G2A controversy leads to key-blocking tool, devs still unhappy

The recent G2A controversy has led to the key reseller proposing a key-blocking tool to game developers as a solution for dealing with the problem of stolen games being sold on their storefront. Ideally, this not-yet-developed technology would allow game developers to stop illicitly-acquired game keys from being sold on G2A, but the game developers would have to put in some work on their part. Developers are, understandably, somewhat less than responsive to this nonetheless bold proposal.

A bit of background: G2A essentially acts like eBay for video game keys. People can sell game keys via the website and receive money in exchange with G2A taking a cut of the profits (as most stores are wont to do). However, an indeterminate portion of the keys on the website has reportedly been illicitly-acquired, either through botting, deception, or outright theft. Suffice it to say, this doesn’t make game developers terribly happy.

ALSO: G2A to pay developers money lost from illegally obtained keys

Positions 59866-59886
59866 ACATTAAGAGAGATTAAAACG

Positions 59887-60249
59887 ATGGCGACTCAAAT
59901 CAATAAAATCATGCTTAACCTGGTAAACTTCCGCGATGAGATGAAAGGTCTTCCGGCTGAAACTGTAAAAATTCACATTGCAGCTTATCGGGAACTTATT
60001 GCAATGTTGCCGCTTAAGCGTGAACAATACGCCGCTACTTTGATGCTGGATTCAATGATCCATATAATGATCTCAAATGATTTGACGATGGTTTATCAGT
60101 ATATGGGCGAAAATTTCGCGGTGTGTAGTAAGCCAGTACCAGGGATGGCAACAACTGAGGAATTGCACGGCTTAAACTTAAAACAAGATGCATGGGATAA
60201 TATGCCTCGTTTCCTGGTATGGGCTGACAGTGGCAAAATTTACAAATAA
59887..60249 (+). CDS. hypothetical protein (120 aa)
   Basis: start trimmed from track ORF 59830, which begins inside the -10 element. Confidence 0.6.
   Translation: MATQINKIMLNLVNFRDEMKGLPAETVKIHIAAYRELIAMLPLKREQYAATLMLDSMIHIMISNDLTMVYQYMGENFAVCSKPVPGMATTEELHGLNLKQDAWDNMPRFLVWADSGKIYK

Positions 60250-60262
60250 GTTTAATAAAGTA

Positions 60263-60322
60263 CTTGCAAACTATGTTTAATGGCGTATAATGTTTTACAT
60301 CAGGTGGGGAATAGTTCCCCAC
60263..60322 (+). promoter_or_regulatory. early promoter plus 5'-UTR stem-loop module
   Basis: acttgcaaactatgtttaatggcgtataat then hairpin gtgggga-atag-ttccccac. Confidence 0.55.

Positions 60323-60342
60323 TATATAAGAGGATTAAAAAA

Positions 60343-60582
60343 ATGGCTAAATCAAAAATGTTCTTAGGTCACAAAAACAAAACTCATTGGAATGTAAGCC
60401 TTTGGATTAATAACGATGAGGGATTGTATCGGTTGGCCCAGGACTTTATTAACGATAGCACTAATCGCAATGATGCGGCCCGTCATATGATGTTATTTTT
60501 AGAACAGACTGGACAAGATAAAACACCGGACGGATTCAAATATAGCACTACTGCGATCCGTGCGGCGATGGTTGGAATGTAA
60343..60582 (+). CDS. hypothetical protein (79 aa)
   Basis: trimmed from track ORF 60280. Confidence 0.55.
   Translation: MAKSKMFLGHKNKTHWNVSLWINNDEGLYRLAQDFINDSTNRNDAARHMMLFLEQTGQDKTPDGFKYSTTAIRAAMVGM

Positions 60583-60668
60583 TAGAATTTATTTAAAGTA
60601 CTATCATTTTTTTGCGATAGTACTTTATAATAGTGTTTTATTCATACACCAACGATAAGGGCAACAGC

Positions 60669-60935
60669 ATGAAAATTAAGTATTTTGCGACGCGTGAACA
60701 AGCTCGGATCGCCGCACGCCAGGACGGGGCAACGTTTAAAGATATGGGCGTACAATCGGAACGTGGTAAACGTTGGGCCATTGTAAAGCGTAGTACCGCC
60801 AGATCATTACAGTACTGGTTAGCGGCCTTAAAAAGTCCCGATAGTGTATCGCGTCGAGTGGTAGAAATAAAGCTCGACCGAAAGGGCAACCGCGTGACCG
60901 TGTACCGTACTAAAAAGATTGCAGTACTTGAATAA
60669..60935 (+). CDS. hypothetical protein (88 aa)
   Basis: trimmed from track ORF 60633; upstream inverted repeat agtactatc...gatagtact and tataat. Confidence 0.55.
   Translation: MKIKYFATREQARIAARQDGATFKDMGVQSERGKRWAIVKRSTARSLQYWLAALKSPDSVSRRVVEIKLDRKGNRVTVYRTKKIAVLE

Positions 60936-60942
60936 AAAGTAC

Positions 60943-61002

Following a petition by developers asking for indie games to be removed from the store, G2A engaged in a back and forth on the topic. Eventually, the G2A controversy escalated to the point that the key-reseller came up with the proposal for a key-blocking tool.

Essentially, the G2A key blocking tool would work as a blacklist against game keys administered by the developer. A developer (or someone authorized to act on their behalf) need only get themselves verified on the site. From there, they can enter a list of game keys into the key blocking tool interface. If someone attempts to sell a game key on the blacklist, the transaction would be blocked.

Game developers tend to generate dozens (if not hundreds) of game keys to hand out to reviewers and influencers. Unfortunately, a portion of these keys are not used for their intended purpose and ultimately end up sold on third-party platforms like G2A. The proposed key blocking tool is a potential solution to this problem, but developers seem unimpressed so far.

The G2A key blocking tool hasn’t been actually developed just yet, as the blog post proposing the tool wants to get 100 developers on board with the program before they actually go forward with development. Judging by the reactions so far, I don’t think that it’s terribly likely.